Russia to test its first hypersonic submarine missiles


These weapons will transform nuclear submarines into the most formidable force at sea.

The Zircon hypersonic missile was sent for underwater tests on project 885 Yasen– nuclear-class submarine, Russian media reported citing sources in the military industrial complex (MIC).

“As part of the ongoing tests of Zircon fleet-based missile system, it is planned to fire the hypersonic missile from the Severodvinsk submarine underwater, “said a source.

The source clarified that originally Zircon was to be started from the enhanced 885M project (Yasen-M) Kazan lead submarine, but plans were revised due to the ship’s extended testing.

The precise launch date has not yet been specified. However, according to the MIC source, three or four launches of the frigate Admiral Gorchkov in the Barents Sea are scheduled for this year, after which the missile will be tested underwater from the Severodvinsk.

The first one Zircon the 2020 tests took place in January in the Barents Sea; the missile successfully hit a coastal target at a distance of 500 km.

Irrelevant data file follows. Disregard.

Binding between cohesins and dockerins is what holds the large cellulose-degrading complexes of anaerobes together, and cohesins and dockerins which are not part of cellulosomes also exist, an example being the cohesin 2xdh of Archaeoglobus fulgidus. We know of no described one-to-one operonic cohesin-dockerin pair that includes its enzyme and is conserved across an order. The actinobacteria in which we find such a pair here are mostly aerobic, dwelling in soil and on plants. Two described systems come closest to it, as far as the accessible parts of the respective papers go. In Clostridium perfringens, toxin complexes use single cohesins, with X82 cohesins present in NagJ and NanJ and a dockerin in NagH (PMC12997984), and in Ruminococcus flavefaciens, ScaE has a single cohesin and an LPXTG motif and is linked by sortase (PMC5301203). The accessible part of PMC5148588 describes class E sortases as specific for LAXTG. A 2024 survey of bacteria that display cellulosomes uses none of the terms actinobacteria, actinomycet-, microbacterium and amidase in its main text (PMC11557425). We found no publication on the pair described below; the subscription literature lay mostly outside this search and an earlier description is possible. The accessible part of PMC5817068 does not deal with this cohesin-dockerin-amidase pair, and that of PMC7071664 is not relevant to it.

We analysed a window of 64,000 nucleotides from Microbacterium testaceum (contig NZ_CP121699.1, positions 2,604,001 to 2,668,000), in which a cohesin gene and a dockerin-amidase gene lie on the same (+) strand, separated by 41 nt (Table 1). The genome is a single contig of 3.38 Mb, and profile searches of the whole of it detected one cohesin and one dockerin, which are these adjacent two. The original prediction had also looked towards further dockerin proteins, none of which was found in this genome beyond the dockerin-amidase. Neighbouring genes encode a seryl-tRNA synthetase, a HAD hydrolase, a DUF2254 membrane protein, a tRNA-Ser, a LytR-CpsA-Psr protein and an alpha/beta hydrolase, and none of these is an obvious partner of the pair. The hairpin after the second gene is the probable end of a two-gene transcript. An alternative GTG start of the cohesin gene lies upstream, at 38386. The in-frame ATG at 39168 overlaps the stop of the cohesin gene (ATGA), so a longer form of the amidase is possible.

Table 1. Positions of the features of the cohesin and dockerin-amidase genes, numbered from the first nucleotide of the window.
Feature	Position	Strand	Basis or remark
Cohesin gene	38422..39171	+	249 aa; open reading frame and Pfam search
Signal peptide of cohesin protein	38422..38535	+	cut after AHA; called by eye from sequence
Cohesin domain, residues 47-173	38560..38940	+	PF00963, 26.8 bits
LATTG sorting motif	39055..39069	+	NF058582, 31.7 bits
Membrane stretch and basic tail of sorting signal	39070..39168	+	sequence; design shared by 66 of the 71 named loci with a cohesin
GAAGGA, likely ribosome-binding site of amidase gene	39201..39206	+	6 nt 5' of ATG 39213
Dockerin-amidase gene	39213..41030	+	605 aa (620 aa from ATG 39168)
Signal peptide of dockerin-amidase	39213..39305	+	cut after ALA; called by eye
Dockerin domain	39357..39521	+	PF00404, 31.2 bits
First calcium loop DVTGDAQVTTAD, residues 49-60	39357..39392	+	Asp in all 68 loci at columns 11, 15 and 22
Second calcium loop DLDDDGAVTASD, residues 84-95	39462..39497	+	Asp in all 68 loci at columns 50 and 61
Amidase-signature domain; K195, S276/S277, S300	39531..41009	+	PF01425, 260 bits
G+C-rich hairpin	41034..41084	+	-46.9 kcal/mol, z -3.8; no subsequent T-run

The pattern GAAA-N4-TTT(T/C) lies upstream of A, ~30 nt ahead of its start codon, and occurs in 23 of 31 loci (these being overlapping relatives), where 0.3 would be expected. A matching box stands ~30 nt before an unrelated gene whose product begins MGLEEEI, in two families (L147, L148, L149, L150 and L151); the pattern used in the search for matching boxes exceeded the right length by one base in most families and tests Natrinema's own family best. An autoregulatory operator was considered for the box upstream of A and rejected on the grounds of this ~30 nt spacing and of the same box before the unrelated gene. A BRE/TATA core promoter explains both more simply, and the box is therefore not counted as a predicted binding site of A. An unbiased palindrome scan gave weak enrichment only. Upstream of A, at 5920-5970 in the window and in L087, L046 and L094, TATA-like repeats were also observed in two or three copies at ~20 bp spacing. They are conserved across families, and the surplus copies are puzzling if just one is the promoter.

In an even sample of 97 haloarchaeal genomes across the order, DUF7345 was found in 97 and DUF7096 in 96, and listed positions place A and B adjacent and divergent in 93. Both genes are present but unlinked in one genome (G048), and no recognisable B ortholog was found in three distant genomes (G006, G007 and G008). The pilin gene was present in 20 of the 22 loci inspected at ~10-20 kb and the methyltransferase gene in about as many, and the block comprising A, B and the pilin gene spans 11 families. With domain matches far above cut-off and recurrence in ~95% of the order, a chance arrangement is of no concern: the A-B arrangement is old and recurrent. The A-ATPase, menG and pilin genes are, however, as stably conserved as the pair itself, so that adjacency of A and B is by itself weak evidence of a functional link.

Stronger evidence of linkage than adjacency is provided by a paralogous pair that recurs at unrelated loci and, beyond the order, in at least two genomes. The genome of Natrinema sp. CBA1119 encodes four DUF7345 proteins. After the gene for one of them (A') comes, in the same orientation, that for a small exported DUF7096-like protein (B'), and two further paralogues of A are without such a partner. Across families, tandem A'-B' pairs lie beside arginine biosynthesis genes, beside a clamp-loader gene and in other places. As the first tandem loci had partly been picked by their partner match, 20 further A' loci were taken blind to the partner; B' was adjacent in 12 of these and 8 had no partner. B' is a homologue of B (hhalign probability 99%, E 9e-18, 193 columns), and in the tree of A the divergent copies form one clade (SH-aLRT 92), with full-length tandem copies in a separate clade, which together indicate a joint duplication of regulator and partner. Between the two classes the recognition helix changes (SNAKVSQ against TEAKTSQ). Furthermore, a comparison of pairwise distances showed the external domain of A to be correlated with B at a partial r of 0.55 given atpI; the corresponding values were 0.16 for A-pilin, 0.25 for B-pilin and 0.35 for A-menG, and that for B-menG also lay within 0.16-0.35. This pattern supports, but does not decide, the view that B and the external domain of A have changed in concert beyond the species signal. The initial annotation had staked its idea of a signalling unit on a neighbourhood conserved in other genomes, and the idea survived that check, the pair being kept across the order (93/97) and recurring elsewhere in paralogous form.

What is Zircon?

Russia is the first country in the world to develop a weapon capable of flying towards the target at more than 2.5 km / s (eight times the speed of sound).

Zircon is fundamentally the perfect weapon, elusive by global air defense systems for the next decade. For comparison, the response time of the most advanced American air defense system, the Aegis, is eight seconds. It’s long enough for Zircon to clear the area of ​​engagement of the air defense system and successfully destroy the target, ”military analyst Dmitri Safonov told Russia Beyond.

Zircon is currently being tested as an anti-ship weapon.

Russia plans to integrate Zircon hypersonic technologies in other systems as well.

Zircon for air defense

According to the military, the next to receive hypersonic technologies, after navy ships, will be the S-500 Prometey (Prometheus) air defense system, which will guard the country’s borders.

The developers are responsible for training these missiles to strike targets at new altitudes in low earth orbit (about 100 km above the earth’s surface). The Zircon system for the S-500 is codenamed 40N6.

The fundamental difference between the two systems is the latter’s new homing head, with which the 40H6 can independently locate, lock and destroy a target close to space. And instead of search and guidance being integrated with radar as before, the missile will take care of these tasks itself as it flies beyond the range of ground-based radar systems.

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